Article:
The whole time I was reading Heart of a Samurai, I felt like it was the kind of book my sixth grade teacher would have assigned, claiming that I was going to LOVE it. In fact, it was just a little…stiff. More like an assignment than a novel. Maybe I was biased from having just read the magical Where the Mountain Meets the Moon. That book is a hard act to follow!
I wondered if the Newbery judges picked it for its cultural significance (as opposed to literary beauty?). The general story line is that Manjiro, a boy from a small fishing village in Japan, is shipwrecked and eventually rescued by a ship captained by an American. The captain takes Manjiro home with him and treats Manjiro as a son, but Manjiro nevertheless faces discrimination. Eventually, Manjiro succeeds in returning to his native Japan (after about 10 years, I think), where is he imprisoned as a suspected spy. Manjiro convinces his captors that he is not a spy and that Japan needs to become more open to interaction with foreigners.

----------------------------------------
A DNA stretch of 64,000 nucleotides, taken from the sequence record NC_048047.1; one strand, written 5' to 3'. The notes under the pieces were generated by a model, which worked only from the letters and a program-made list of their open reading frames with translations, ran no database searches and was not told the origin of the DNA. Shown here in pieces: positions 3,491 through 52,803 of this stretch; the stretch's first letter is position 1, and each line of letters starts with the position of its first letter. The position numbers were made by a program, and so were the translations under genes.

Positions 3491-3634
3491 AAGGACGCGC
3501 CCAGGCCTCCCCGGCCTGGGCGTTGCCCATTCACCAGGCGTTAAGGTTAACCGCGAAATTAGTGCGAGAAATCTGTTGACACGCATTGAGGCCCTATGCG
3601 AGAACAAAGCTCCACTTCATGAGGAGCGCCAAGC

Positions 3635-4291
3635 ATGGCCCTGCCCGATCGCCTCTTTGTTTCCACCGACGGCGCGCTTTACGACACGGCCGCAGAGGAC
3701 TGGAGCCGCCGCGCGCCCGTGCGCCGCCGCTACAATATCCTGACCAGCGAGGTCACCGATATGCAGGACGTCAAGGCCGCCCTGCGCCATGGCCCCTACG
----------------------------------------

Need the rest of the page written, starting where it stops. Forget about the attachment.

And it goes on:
It’s based on a true story, which may be the cause of the “assignment” vibe. I think it can be a very difficult task to follow a story line that has already been set out for you, and maintain the creativity and flexibility necessary to write a really compelling book.
I feel a little big crazy complaining about this book — I mean, out of all the books published in 2011, only 5 were honored by the Newbery committee. But it wasn’t my favorite. There. I said it.
Heart of a Samurai, by Margi Preus
Newbery Honor – 2011
A.R Level – 5.4; Middle Grades